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Money in Politics This Week: Congressmen Support Public Campaign Financing

A roundup with the latest news highlighting the corrosive nature of money in New York State politics — and the need for public financing and robust campaign finance reform.

  • Syed Zaidi
February 14, 2014

Crossposted at ReformNY

The Brennan Center regularly compiles the latest news concerning the corrosive nature of money in New York State politics—and the ongoing need for public financing and robust campaign finance reform. We’ll also be linking to dispatches from around the country highlighting the national scope of this crisis. This week’s links were contributed by Syed Zaidi. 

For more stories on an ongoing basis, follow the Twitter hashtag #moNeYpolitics and #fairelex.


Congressmen Support Public Campaign Financing

Three members of New York’s congressional delegation announced their support for publicly financed elections this week. U.S. Representatives Hakeem Jeffries, Sean Maloney and Dan Maffei held a conference call for reporters along with Karen Scharff of Citizen Action of New York to call for the passage of a bill that would create a public funding system for congressional elections. The Government by the People Act is sponsored by Representative John Sarbanes and Minority Leader Nancy Pelosi. It provides matching funds to candidates who garner small contributions, like the system Governor Andrew Cuomo has proposed in his executive budget.

Papers Question Wisdom of Liquor Warehouse Bill

A new bill proposed by Senator Jeffrey Klein (IDC-Bronx) would require all spirits to be warehoused in New York for at least 24 hours before they can be sold in the state. Currently many liquor merchants store their products in New Jersey, where the imported wine typically arrives and the cost of storage is lower. Wine sellers claim the legislation will lead to higher prices for consumers, while proponents argue that it would put New York law on par with other states and create more jobs. Empire Merchants and Southern Wine and Spirits are two distributors with warehouses in New York that allegedly stand to benefit from the bill. Pieces criticizing the legislation appeared in the Albany Times-Union and the Daily News. The Times-Union column revealed that Empire Merchants and its leadership have donated $53,000 to Senator Klein since 2009, and $31,000 to his Independent Democratic Conference, which co-leads the Senate in a coalition with the Republicans. A New York Post investigation last week illustrated that Empire Merchants and its subsidiaries have donated a total of $797,850 to state lawmakers since 2009, while Southern Wine and Spirits has contributed $106,856 to state campaigns over the same period.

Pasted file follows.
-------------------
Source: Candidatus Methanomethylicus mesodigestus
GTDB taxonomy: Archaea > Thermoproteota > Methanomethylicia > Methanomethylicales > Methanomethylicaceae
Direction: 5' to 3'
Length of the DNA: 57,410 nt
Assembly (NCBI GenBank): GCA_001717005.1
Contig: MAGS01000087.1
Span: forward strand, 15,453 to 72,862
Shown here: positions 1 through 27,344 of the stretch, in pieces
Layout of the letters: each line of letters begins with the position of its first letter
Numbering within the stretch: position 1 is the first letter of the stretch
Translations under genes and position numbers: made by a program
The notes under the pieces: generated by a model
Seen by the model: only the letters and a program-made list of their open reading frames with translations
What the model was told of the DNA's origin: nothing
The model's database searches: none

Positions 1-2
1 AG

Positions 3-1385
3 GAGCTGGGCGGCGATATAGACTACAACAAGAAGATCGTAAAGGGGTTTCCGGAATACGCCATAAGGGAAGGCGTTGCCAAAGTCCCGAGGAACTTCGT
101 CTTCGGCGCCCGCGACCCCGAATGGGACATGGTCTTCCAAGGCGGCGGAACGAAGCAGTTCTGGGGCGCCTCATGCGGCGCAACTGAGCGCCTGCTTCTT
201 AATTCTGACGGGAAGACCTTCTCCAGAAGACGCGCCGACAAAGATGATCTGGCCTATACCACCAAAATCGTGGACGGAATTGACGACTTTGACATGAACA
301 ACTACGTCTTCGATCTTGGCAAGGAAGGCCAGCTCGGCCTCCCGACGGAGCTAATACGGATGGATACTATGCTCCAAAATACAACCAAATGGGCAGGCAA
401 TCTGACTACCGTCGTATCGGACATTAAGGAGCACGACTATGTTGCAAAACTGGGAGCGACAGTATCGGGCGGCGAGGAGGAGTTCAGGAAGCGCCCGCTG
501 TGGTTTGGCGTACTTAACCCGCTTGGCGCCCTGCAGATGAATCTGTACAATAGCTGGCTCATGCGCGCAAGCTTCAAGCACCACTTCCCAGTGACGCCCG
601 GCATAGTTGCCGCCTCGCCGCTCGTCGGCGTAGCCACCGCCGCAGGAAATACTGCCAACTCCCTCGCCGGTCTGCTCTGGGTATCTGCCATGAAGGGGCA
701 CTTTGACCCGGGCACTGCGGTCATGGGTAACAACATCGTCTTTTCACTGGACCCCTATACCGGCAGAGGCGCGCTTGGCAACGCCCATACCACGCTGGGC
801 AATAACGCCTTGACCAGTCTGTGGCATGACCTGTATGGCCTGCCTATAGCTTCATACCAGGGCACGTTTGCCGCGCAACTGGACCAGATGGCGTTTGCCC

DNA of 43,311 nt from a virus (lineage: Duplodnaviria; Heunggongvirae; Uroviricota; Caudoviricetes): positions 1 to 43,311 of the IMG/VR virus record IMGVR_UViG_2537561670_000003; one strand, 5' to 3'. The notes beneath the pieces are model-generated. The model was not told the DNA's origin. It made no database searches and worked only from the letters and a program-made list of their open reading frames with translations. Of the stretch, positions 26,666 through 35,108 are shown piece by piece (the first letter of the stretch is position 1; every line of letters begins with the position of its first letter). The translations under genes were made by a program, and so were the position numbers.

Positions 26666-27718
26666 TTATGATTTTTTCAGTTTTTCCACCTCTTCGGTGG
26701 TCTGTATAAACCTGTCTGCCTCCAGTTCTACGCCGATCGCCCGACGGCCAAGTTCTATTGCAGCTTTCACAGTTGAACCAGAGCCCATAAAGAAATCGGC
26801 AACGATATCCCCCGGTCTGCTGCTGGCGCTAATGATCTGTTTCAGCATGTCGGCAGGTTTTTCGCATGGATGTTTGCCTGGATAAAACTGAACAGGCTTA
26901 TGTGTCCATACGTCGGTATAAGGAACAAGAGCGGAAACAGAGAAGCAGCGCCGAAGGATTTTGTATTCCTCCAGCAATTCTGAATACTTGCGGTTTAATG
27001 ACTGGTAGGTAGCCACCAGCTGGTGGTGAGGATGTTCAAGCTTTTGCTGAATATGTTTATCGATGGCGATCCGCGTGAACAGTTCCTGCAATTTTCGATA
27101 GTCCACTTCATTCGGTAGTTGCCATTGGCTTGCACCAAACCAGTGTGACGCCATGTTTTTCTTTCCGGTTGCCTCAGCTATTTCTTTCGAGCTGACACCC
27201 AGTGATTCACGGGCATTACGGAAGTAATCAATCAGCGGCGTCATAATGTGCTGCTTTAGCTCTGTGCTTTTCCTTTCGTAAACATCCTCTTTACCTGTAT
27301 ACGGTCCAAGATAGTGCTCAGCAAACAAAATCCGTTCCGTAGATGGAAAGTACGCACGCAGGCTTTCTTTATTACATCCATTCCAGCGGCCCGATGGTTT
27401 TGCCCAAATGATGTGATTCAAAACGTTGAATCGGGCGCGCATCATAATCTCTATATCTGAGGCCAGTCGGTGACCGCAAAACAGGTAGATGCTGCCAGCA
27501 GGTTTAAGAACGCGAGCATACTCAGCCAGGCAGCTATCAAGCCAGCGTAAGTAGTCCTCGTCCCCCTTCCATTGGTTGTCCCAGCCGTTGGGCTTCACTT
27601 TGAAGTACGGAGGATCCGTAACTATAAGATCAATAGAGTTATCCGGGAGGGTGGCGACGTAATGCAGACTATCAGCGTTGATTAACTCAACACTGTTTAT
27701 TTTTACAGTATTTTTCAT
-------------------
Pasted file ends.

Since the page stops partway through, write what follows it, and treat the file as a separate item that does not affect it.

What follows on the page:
Congressman Grimm’s Contributor Arraigned in Federal Court

Diana Durand, a 47-year-old resident of Houston, was arraigned in federal court in Brooklyn on Wednesday for irregularities related to U.S. Representative Michael Grimm’s campaign. A Justice Department probe of the campaign alleges that Durand, a former business associate of Grimm, illegally reimbursed donors in order to evade legal contribution limits and funnel more money to Grimm’s 2010 Congressional campaign. Stuart Kaplan, the attorney representing Durand, said that Durand simply did not understand the regulations surrounding campaign finance. “This is a woman that was never involved with politics before she met Michael Grimm. I think she is totally or she was totally devoid or ignorant to the rules or regulations or laws or ethical constraints with respect to fundraising,” said Kaplan. Grimm’s campaign has been facing allegations of irregularities for the past two years. Last year, Ofer Biton, a former fundraiser for Grimm pleaded guilty to visa fraud. And a few weeks ago, in a video that has since gone viral, the Congressman threatened a reporter who posed questions regarding his campaign. However, Grimm has not been implicated in any of the federal investigations.

Attorney General Responds to Dark Money Group’s Attempt to Quash Subpoena

Attorney General Eric Schneiderman has filed documents in response to a dark money political consultant’s request to quash a subpoena by the Moreland Commission to Investigate Public Corruption. The Moreland Commission’s December subpoena to Strategic Advantage International sought to shed light on the donations to and expenditures by Common Sense Principles, which spent more dark money in the 2010 and 2012 elections than any other entity in the state. The sole contributor listed on state records for the group was a shell company; however the group’s website was registered to Strategic Advantage International. According to filings, Common Sense Principles raised $2.62 million in 2010 and spent $2.54 million to run attack ads against Democratic state senators. Attorney General Schneiderman said the commission wants to gain an understanding of how dark money was spent in the state, in an effort to improve state disclosure and political expenditure laws.